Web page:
In addition to increasing existing fees at car camping spots that have basic services, there is a proposal to introduce “overnight walking” fees for Alpine NP, Baw Baw NP, Grampians NP, and the Great Ocean Walk. This would mean for instance you will need a permit for hiking and camping within the Alpine National Park. For example, it will cost $30 to walk from Hotham to Falls, plus a $10 admin fee.
The Government has prepared a regulatory impact statement (RIS) to assess the impact of introducing a user pays approach to camping fees for all parks and reserves managed by Parks Victoria. It says ‘this is part of the Government’s efforts to make sure that Victorians continue to have access to these beautiful places and that the costs of providing safe, visitor-friendly facilities and services are sustainable and affordable’ and ‘these changes will provide longer-term financial sustainability for these special places’.
The new approach is expected to be introduced in Victoria’s parks and reserves from 1 March 2014.
People are invited to provide feedback on the RIS, which is available here.
Written submissions should be forwarded by 5:00pm Friday 22 November 2013 via either of the following:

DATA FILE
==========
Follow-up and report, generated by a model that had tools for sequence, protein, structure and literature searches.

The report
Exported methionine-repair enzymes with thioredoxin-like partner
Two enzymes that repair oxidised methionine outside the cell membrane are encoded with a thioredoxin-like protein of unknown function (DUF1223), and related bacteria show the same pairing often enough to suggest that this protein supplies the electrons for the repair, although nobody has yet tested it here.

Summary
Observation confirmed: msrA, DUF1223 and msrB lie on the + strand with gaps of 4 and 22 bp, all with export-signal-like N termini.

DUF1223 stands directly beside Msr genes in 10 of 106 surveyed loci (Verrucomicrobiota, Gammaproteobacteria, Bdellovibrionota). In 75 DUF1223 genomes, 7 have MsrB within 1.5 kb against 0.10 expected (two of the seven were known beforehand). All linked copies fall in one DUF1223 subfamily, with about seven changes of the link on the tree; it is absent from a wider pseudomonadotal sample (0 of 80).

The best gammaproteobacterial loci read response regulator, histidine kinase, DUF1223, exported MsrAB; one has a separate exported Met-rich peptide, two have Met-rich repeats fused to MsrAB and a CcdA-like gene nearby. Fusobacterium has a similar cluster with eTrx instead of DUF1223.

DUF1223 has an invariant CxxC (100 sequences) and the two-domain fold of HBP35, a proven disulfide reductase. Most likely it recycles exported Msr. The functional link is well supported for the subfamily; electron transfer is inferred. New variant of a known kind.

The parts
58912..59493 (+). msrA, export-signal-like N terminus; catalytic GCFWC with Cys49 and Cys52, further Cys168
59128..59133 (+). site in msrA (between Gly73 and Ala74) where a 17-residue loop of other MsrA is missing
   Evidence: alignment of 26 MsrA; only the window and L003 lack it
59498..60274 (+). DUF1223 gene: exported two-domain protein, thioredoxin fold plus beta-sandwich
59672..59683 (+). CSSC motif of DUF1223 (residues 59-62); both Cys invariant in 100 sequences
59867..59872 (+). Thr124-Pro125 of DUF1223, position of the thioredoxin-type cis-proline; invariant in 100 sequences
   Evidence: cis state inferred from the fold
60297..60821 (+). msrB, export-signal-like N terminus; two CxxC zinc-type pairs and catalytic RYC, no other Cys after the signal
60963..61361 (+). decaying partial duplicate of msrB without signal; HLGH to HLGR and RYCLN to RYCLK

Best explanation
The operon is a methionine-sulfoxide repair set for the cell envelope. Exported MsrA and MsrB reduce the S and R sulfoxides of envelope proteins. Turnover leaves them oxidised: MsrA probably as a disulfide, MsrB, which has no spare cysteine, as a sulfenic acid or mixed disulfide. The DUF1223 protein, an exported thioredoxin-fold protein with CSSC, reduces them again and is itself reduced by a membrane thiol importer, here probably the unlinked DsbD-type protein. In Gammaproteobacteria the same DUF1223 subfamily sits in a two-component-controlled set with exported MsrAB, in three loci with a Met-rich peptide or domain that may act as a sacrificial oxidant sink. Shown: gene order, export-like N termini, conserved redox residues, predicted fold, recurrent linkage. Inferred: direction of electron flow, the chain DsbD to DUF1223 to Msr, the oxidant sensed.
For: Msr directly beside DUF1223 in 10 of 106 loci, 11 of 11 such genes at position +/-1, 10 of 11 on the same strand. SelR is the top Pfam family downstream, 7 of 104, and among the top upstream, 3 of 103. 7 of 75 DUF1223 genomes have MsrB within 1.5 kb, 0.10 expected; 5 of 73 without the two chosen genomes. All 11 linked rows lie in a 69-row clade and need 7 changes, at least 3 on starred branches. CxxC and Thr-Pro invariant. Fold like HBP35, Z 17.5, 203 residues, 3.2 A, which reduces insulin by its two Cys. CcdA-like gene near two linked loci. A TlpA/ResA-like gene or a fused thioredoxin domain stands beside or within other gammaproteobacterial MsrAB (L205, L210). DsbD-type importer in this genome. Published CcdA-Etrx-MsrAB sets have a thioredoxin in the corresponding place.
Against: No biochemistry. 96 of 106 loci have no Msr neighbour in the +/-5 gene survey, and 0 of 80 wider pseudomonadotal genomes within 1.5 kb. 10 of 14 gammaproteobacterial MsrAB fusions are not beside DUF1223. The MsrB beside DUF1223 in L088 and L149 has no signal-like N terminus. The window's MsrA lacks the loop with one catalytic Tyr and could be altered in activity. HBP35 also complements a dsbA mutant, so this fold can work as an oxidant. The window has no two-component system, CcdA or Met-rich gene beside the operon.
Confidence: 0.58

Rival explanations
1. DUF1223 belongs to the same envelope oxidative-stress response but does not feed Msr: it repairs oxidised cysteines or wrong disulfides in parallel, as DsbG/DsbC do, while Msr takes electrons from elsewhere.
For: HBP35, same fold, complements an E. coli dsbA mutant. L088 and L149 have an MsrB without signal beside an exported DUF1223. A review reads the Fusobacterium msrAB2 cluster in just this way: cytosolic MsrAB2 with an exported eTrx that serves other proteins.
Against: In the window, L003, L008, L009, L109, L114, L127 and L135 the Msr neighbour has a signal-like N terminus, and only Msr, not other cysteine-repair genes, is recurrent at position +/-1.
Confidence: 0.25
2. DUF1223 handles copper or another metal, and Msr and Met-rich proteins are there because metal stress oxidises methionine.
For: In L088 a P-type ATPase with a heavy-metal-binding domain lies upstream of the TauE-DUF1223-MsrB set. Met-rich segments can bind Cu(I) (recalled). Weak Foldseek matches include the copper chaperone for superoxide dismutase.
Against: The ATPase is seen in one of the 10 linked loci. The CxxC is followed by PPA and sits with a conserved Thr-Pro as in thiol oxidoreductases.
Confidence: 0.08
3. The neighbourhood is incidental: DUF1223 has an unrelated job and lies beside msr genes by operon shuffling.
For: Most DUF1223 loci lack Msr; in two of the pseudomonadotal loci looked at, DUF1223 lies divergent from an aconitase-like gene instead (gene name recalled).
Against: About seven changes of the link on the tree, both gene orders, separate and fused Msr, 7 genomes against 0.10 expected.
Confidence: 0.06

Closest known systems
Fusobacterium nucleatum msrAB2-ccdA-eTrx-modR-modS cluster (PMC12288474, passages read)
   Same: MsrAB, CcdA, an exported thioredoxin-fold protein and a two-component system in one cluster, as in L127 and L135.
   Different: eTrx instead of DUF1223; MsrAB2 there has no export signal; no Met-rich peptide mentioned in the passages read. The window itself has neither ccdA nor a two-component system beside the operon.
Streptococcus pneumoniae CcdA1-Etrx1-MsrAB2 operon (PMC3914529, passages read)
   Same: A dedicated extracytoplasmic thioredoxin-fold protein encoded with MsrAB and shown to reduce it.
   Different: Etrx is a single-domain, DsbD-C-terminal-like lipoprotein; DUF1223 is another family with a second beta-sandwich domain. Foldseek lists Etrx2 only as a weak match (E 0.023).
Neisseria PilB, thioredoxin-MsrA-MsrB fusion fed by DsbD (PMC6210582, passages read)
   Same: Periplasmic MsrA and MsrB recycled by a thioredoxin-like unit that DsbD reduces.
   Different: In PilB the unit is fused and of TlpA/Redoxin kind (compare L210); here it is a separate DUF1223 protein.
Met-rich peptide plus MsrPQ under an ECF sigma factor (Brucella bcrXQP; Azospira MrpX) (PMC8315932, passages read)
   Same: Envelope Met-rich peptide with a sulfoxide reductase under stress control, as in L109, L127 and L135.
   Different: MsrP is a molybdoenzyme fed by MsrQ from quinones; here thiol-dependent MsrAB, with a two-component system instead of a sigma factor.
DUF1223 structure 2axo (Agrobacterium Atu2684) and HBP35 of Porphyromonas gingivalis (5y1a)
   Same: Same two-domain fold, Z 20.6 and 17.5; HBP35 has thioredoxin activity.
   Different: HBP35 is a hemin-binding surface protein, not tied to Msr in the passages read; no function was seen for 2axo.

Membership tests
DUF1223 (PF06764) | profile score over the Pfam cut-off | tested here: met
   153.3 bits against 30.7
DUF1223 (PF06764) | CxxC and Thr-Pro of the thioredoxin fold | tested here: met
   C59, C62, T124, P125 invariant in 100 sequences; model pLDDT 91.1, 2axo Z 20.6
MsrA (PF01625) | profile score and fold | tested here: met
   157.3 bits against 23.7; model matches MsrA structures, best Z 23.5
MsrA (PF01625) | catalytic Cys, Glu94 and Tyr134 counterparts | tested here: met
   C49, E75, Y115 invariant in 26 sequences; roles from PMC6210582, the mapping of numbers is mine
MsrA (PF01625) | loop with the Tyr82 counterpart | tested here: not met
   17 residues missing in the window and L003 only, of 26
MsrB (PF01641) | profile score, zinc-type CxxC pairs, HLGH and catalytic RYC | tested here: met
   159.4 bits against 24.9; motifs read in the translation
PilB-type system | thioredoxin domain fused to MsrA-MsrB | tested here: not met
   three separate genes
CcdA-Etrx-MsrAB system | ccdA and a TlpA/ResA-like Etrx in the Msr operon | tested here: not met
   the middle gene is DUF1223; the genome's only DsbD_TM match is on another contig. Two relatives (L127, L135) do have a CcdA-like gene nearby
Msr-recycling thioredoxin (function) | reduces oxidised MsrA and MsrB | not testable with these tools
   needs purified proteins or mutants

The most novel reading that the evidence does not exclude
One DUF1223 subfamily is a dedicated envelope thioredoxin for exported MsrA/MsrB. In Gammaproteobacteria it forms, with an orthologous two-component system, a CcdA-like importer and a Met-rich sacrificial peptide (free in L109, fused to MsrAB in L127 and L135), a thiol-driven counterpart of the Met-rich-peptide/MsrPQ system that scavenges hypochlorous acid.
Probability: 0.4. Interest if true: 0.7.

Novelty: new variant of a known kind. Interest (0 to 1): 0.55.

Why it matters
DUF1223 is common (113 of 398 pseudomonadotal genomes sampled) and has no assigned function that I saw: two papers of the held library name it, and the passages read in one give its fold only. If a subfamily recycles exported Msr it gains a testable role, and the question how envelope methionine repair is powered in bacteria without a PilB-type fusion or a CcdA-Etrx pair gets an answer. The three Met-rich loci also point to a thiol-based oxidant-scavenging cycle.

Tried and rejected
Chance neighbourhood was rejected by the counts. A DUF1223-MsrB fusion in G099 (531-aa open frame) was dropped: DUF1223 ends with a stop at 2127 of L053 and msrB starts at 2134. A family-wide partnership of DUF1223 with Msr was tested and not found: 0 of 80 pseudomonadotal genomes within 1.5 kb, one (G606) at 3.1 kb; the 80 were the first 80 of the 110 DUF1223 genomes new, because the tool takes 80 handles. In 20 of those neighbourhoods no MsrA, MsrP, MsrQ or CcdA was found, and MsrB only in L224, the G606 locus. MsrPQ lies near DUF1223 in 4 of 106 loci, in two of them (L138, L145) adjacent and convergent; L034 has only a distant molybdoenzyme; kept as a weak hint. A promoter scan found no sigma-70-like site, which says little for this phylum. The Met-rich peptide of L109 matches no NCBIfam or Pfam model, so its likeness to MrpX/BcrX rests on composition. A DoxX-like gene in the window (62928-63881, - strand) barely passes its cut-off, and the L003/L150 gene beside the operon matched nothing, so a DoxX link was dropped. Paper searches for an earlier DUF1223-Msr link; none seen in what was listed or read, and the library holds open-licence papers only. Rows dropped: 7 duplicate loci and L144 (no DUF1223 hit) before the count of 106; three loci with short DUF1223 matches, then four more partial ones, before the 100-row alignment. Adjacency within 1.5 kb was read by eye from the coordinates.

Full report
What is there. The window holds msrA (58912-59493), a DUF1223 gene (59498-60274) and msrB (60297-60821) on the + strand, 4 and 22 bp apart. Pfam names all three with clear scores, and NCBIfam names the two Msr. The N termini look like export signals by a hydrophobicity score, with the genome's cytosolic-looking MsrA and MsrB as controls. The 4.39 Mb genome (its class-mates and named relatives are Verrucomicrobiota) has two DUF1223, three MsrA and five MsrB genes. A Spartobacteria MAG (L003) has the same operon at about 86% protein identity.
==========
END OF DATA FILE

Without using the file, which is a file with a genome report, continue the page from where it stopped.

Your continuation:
Camping and Accommodation Fees
Land Management Policy Division
Department of Environment and Primary Industries
Level 3, 8 Nicholson Street
EAST MELBOURNE VIC 3002
What do you think?
Please feel free to leave a comment below or on the Mountain Journal facebook page.
Some thoughts on the proposed changes
In considering how much to increase camping fees, the Department of Environment and Primary industry created a weighting system, based on a mix of considerations: efficency, equity, and effectiveness. After considering the implications of these 3 categories on possible fee increases, they suggested 3 options:
· Full cost recovery
· A system equivalent to rates charged by private operators outside parks
· One based on improved revenue yield (which is the preferred option, called option 3)
Option 3 is expected to generate $15.3 million per year (camping fees at present generate around $6.5m, and the system is estimated to cost $17.8m to run on an annual basis). Implementing option 3 would mean there is a shortfall of $2.5m per year – at present the annual shortfall is $11.3m).